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Eye-Tracking Technology Offers New Hope for Brain Health Management

Eye-Tracking Technology Offers New Hope for Brain Health Management

April 29, 2024

The Alfred hospital has initiated clinical trials utilizing BrainEye, a pioneering smartphone app designed to screen for neurological abnormalities through a quick 60-second eye movement test.

The study aims to involve 500 participants from Australia who suffer from various neurological disorders, such as Alzheimer’s, Parkinson’s disease, epilepsy, and multiple sclerosis (MS). These participants will undergo brain function assessments using the BrainEye app’s eye tracking technology.

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Technological Innovation Through AI

BrainEye's app leverages an artificial intelligence platform to analyze over 20 ocular biomarkers that are typically difficult to detect with the naked eye. The collected data will be benchmarked against results from neurologically healthy individuals to improve the app’s ability to distinguish between normal and abnormal brain functions.

Data gathered during this trial will aid BrainEye in developing a commercial product intended for community use to detect and monitor neurodegenerative diseases. Early detection is crucial as it generally results in better treatment outcomes and reduced healthcare costs.

Globally, neurological disorders are the primary cause of disability and the second leading cause of death, trailing only heart disease. The challenge of effectively detecting and treating these conditions often stems from the absence of suitable and affordable biomarkers that can track changes in brain function.

Expert Insights on BrainEye’s Potential

The Principal Investigator of the trial, Associate Professor Joanne Fielding, BrainEye’s Chief Scientific Officer, highlighted the significance of making such technologies accessible to the wider community. “BrainEye’s revolutionary technology is bringing complex science into the hands of anyone interested in assessing brain health. Although the effectiveness of eye movement assessments in identifying abnormalities is well acknowledged, these tests have traditionally been limited to clinical environments and often performed too late,” explained Professor Fielding.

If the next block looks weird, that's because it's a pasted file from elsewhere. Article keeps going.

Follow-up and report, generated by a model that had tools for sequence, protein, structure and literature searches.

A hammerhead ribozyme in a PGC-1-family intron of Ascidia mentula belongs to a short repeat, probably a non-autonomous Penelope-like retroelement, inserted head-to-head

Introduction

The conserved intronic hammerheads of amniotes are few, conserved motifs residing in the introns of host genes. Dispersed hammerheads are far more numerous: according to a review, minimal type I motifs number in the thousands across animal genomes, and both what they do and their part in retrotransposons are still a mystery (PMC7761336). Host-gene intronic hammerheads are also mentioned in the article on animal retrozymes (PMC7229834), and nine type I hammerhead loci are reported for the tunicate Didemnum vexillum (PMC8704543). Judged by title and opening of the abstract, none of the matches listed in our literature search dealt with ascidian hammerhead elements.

She added, “We’re excited to collaborate with The Alfred’s neurology team, who share our commitment to enhancing early detection of neurological disorders.”

Professor Terence O’Brien, Neurologist and Program Director at Alfred Brain, also expressed enthusiasm about the potential of this innovative technology to serve as an effective tool for early monitoring of disease progression in various neurological conditions.

Richard Nash, CEO of BrainEye, remarked on the trials' significance in evaluating the practicality of the BrainEye app for identifying neurological abnormalities and overall brain health monitoring. “This marks a significant step forward for BrainEye, as we transition from proving its effectiveness in sports settings to its application in healthcare, aiming to aid in the early identification of neurodegenerative diseases like Alzheimer’s and Parkinson’s,” said Nash.

He concluded, “The eyes are the window to the brain, and our best defense is early detection.”

BrainEye has already performed over 25,000 tests and conducted several successful trials focused on concussion and brain trauma in various major sports.